It's in tap water, red meats, fruits, vegetables, and much, much more- but can copper be responsible for causing Alzheimer's disease? New research says that it's a possibility.
A new study, which weighs the effects of copper in the human diet, has concluded that even average amounts of copper intake can contribute to Alzheimer's disease. Found in a range of foods and even vitamin supplements, copper is most readily discovered in water. While the the U.S. Environmental Protection Agency (EPA) monitors the levels of metals contained in foods and beverages, the new study points out that it is not how much copper is contained in the item but how much copper build up there is over time.
Continued copper build up, even when consumed at regular or low levels over a period of time, can breakdown barriers responsible from keeping toxins out of the brain. When that happens, the brain attempts to increase its production of beta-amyloid. At the same time, the build up also dampens the efficiency of proteins responsible for clearing the brain of toxins.
Researches said in the study, printed Monday in the journal PNAS, that the most concern is about the amount of copper necessary in order for such negative effects to take place.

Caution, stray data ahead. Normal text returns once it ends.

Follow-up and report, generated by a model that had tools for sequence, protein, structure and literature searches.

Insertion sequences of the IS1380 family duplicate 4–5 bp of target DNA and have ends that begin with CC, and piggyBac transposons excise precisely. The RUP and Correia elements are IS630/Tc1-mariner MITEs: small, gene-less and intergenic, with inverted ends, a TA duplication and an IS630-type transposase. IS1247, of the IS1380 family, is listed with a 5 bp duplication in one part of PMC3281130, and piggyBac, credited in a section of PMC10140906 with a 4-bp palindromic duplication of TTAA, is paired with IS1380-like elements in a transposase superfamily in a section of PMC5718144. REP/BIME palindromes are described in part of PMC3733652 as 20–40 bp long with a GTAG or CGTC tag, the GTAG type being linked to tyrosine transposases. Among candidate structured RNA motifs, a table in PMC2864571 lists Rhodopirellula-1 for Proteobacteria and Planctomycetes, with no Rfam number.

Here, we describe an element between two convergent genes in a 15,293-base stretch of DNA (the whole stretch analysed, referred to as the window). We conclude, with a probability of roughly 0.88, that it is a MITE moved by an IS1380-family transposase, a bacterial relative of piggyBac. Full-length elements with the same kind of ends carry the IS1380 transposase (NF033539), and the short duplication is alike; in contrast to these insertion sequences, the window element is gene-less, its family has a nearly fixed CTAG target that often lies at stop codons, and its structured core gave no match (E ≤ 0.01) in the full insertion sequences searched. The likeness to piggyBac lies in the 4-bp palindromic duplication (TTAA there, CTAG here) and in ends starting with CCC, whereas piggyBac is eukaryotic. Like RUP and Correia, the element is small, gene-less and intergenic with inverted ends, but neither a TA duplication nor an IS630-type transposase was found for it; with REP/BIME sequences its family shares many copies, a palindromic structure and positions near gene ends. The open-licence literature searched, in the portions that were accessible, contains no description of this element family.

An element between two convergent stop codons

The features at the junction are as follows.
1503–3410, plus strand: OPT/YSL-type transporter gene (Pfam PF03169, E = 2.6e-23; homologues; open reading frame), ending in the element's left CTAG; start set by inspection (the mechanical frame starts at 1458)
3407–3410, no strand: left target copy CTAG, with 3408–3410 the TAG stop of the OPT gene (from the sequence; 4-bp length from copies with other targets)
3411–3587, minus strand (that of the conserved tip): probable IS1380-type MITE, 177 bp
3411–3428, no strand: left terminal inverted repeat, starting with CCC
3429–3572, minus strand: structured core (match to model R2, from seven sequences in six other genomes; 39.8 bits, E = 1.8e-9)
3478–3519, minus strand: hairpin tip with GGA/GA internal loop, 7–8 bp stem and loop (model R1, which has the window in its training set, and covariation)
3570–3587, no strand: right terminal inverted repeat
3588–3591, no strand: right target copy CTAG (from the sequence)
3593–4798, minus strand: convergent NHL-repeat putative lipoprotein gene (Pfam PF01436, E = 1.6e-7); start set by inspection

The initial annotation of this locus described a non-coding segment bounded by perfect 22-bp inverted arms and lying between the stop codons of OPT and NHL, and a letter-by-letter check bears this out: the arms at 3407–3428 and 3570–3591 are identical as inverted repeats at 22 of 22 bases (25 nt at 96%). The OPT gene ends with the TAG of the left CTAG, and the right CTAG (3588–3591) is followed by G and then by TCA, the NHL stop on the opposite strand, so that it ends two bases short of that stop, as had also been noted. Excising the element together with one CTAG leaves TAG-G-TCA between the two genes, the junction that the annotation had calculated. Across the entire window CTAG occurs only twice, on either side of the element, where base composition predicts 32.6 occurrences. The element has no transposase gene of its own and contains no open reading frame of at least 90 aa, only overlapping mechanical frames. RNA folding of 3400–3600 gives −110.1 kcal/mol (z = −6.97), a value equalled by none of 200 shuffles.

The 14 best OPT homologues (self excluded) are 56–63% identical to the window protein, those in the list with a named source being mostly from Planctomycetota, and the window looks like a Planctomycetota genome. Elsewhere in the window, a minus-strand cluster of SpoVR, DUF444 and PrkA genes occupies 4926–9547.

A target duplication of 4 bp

"These are very low levels of copper, equivalent to what people would consume in a normal diet," said Rashid Deane, Ph.D., a research professor in the University of Rochester Medical Center (URMC) Department of Neurosurgery and lead author of the study, told Forbes.
The new research could help to prevent the onset of Alzheimer's, which scientists have not yet found a cure for. However, at least some copper is still necessary in the diet.
"The key will be striking the right balance between too much and too little copper consumption," Deane told the Los Angeles Times. "Right now, we cannot say what the right level will be. But diet may one day play an important role in regulating this process."